UV’s 2021-22 budget approved by voters

Voters in the Unadilla Valley CSD approved a $23.4 million budget Tuesday, May 18 by a vote of 137 to 46. The spending plan keeps the district within its tax levy limit.

“We want to thank voters for turning out tonight. This budget was designed to move Unadilla Valley forward out of the COVID-19 pandemic and renew our focus on academic achievement and social-emotional learning in a fiscally responsible way,” Superintendent Robert Mackey said.

A tax levy limit, while sometimes referred to as a “2 percent tax cap,” is set by the state and will often be higher or lower than 2 percent based on the individual circumstances of each district. In UV’s case, the district is staying within the tax levy limit, which for the 2021-22 school year is 2.2 percent.

While the budget for next year shows a 5.7 percent increase in expenditures, additional state aid and operational efficiencies are keeping the tax levy increase within the levy limit. Due to the most recent capital project, UV is receiving state aid to offset an increase in debt service, which is reflected in the overall proposed budget increase.

State-mandated teacher and employee retirement contributions will account for much of the difference in next year’s budget over the current fiscal year. The fiscal plan for next year reduces day-to-day operating costs, while maintaining existing instructional programming. Under the budget proposal, this will largely be accomplished by not filling some recent staff retirements.

“We want to thank voters for turning out tonight. This budget was designed to move Unadilla Valley forward out of the COVID-19 pandemic and renew our focus on academic achievement and social-emotional learning in a fiscally responsible way,” Superintendent Robert Mackey said.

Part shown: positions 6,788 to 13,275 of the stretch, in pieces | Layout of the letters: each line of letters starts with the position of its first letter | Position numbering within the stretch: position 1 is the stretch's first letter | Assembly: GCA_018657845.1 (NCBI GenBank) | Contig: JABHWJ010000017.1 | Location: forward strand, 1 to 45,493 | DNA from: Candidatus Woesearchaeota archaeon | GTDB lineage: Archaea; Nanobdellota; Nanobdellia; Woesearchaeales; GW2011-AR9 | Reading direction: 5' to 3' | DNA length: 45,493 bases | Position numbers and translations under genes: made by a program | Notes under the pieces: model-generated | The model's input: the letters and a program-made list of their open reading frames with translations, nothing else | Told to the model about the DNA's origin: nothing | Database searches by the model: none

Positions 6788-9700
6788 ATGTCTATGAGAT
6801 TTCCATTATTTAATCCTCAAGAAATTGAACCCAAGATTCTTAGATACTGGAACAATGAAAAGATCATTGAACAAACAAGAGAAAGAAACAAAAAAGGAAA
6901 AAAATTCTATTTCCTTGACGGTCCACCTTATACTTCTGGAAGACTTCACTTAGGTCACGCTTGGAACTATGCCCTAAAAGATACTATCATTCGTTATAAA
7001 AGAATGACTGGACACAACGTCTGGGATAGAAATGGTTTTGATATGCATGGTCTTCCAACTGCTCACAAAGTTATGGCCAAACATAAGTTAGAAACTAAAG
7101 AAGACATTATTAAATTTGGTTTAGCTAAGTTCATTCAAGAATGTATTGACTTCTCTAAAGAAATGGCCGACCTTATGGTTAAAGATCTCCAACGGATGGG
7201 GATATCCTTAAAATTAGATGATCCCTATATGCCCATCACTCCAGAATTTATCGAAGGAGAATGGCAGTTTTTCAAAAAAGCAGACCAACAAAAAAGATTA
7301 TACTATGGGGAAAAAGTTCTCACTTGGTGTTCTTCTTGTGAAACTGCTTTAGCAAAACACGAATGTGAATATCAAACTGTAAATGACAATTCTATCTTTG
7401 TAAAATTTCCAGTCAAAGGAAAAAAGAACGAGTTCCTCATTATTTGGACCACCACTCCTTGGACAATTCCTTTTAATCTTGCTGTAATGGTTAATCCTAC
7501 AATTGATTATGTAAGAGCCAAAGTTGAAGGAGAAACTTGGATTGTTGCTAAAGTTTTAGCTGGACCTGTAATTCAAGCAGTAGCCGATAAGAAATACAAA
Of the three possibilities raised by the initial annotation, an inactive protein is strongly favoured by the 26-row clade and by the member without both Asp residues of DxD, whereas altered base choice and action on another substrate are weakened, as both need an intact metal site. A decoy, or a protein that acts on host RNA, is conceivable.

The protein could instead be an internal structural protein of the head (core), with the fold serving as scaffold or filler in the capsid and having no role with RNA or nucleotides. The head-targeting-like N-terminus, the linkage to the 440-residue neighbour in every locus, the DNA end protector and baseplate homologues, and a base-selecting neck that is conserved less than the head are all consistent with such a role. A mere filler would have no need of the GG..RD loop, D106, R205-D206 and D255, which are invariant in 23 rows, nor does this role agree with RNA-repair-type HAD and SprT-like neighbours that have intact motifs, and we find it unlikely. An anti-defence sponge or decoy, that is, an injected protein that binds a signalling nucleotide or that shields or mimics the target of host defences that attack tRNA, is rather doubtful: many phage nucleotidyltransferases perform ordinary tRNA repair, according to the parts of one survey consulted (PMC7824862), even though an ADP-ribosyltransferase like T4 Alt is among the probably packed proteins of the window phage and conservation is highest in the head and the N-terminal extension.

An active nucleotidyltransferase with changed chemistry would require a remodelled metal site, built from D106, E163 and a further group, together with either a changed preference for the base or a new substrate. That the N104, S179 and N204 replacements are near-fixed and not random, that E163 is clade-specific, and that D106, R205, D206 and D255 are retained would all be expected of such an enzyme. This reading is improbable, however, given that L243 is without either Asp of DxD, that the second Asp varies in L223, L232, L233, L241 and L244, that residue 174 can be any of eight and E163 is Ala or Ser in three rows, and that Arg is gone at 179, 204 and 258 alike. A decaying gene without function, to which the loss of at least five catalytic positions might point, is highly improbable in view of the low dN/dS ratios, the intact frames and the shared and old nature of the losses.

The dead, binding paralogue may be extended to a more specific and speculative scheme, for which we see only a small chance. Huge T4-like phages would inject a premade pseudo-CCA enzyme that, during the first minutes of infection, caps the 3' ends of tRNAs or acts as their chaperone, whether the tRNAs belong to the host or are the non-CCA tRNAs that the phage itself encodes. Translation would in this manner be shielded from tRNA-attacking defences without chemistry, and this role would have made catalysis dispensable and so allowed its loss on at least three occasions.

The budget includes three new licensed teaching assistant positions to assist with increased student learning needs caused by the pandemic.

While the budget under development will guide the district through the 2021-22 school year, it was developed using a multi-year approach with the consultation of a financial planning firm that specializes in school budgets. One focus of the district’s long-term financial planning is to prevent large swings in the tax levy limit down the road.

Included in the budget is a $100,000 capital outlay project to fund the continued removal of aging temperature controllers and the installation of more efficient controllers, particularly in the secondary school wing.

A bus proposition that would authorize the lease of four school buses at an annual cost not to exceed $94,000 was also approved by a vote of 150 to 33. The term of the lease is five years.

New York State Law allows for public libraries to use the occasion of school budget votes to help fund their operations independently from school districts. The New Berlin Public Library requested a proposition be on the ballot May 18 to increase the library tax by $5,000 and the proposition passed by a vote of 69 to 31.

In addition to the budget proposal, voters re-elected two members of the Board of Education. Mark Davis and Carrie Meade ran unopposed. Davis received 159 votes and Meade received 155 votes.